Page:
The Network is Ripe For Disruption
It’s been a helluva ride in enterprise communications. We blew up the PBX, switched from circuits to packets, embraced smartphones, virtualized the whole thing, and reinvented outsourcing with the cloud.
Everything has changed except the underlying network.
That’s not quite true – we did downgrade the network. TCP/IP, invented in the 50s, is the solution to every twentieth century networking problem. Many forgot how technologies used to come with their own network – SDLC, DECnet, Netbios, NCP, and of course a whole collection of TDM interfaces for telecommunications.
All of those solutions were optimized for specific applications. Fit for purpose, yet we threw it all out. TCP/IP was powering the emerging Internet, and became the lingua franca of networking technology. The world was so busy reaping the benefits of convergence that it ignored the shift away from fit for purpose.
For example, voice over IP (VoIP) enabled things like unified messaging. Another early Greatest Hit was click-to-dial. These were possible because our voice systems could now speak data. Revolutionary benefits with minor inconveniences such as having to force synchronous traffic down asynchronous pipes. Voice professionals had to learn new tricks such as troubleshooting jitter, latency, and one-way audio.
Convergence solved slightly more problems than it created. Unfortunately, the new world was built on an old foundation. TCP/IP is old, and routing has not changed in 25 years. The problem gets worse as our networking requirements evolve. The sheer size of the mess we created makes it extremely difficult to do undo.
Modern networks are encumbered by layers of band-aids. IP routers did not provide sufficient security so we complement them with firewalls. Unfortunately, firewalls were not designed for real-time communications so we added SBCs. Load balancers were introduced because IP is not good at distributing traffic. Failover solutions introduced the need for SDN in the data center. Even VoIP, which was the solution, needs to be repackaged into MPLS frames.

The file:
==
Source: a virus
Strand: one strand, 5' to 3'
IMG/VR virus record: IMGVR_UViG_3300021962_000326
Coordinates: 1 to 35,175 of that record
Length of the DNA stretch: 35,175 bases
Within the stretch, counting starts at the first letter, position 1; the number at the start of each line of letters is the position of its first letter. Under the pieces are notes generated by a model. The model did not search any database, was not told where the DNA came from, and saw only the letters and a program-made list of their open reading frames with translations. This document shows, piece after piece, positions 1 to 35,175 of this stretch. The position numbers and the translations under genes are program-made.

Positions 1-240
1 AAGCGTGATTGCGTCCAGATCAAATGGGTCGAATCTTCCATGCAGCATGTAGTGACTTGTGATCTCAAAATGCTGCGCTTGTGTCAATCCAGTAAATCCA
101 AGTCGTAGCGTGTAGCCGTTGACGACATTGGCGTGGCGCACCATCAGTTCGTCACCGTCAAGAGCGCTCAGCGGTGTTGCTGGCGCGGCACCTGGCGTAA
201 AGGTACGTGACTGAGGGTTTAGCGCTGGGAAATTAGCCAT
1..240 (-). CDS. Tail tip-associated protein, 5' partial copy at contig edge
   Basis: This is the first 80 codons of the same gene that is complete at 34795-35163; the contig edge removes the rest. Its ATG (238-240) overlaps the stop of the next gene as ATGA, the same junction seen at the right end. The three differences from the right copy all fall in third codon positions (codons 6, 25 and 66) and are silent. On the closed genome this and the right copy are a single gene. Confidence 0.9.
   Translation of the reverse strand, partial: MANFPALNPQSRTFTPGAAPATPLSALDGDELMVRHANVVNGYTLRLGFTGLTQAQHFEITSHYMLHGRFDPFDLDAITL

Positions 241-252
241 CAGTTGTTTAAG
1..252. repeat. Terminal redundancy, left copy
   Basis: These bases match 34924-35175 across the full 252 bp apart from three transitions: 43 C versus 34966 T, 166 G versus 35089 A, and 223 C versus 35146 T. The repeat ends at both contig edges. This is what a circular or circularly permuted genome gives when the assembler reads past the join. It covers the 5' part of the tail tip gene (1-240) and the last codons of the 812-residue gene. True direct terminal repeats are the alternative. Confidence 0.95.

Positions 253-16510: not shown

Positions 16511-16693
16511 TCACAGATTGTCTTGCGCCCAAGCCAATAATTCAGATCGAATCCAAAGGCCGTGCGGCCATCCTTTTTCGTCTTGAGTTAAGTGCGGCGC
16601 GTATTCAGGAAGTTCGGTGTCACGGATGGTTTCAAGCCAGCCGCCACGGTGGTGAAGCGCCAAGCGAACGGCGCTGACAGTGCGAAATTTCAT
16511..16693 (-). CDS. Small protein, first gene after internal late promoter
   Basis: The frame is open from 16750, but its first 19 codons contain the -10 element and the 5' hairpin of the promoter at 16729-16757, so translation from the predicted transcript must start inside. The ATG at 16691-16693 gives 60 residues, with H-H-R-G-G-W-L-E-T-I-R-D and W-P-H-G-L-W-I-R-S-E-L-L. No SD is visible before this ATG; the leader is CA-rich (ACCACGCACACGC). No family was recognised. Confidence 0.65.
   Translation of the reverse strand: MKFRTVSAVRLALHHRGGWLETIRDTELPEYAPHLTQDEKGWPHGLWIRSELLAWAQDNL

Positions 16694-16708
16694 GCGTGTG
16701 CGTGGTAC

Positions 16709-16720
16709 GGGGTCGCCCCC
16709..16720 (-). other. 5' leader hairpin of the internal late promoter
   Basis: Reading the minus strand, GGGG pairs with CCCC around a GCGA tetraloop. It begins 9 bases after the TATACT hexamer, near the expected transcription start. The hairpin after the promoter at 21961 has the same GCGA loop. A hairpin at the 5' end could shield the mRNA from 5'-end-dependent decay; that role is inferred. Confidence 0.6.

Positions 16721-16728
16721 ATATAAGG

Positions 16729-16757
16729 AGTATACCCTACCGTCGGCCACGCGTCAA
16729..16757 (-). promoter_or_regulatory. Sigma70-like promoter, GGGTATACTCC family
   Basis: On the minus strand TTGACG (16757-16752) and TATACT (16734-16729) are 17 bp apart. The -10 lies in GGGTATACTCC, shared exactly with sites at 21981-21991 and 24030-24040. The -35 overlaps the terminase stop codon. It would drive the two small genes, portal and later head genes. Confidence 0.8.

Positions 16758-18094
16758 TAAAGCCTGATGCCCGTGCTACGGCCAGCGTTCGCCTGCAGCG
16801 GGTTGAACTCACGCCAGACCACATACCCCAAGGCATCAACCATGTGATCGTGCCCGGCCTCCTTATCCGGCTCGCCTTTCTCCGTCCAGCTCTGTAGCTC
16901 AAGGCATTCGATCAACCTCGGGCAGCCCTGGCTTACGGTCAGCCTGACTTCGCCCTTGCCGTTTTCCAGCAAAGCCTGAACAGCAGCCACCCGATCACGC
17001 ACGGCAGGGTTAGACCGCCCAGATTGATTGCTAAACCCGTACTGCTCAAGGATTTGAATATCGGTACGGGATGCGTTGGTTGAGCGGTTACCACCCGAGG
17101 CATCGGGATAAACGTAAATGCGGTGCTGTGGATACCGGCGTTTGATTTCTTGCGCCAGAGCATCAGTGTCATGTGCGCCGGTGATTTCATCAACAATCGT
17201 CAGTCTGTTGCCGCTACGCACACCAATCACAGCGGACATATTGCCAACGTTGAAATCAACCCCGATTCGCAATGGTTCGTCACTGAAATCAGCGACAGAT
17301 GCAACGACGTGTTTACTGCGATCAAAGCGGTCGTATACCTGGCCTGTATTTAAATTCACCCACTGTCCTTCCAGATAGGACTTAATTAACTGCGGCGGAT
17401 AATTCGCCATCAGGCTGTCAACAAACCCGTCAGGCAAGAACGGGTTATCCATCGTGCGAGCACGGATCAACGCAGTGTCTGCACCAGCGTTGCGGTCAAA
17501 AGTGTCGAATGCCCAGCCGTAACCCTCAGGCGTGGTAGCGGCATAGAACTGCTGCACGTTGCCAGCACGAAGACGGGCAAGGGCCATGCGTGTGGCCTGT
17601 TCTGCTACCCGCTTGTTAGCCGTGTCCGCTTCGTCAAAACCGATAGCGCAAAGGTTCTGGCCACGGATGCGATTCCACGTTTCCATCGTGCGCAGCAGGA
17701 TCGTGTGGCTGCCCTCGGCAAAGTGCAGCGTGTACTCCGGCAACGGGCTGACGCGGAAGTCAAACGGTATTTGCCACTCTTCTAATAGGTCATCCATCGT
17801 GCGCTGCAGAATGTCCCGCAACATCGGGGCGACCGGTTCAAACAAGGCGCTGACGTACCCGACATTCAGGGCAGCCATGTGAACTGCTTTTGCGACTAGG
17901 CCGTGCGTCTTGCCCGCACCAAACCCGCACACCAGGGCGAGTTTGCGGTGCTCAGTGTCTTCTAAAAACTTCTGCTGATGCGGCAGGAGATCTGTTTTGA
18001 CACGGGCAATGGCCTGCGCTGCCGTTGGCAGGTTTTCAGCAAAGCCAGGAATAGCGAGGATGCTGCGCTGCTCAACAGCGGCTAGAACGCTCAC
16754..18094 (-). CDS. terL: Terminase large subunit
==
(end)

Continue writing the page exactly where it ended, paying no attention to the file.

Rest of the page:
The network is ripe for disruption. It’s the only piece of the IT solution that hasn’t seen significant price/performance gains. Not only has the pricing model remained intact, but equipment prices have actually increased. The cost of compute, storage, and bandwidth have declined sharply.
There are several indicators that the disruption has begun. Here are seven shifts to watch:
SD-WAN: Software defined networks have significantly impacted the data center. They are spreading across the enterprise now, but the next big act will be SDN-WANs. This is especially true for real-time services such as UCaaS.
Open Networking: Traditional networking solutions have their benefits, but they come with bottlenecks, wasted capacity, and premium prices. Many large cloud providers are moving away from name-brand equipment and creating their own solutions – some of which are available as open source.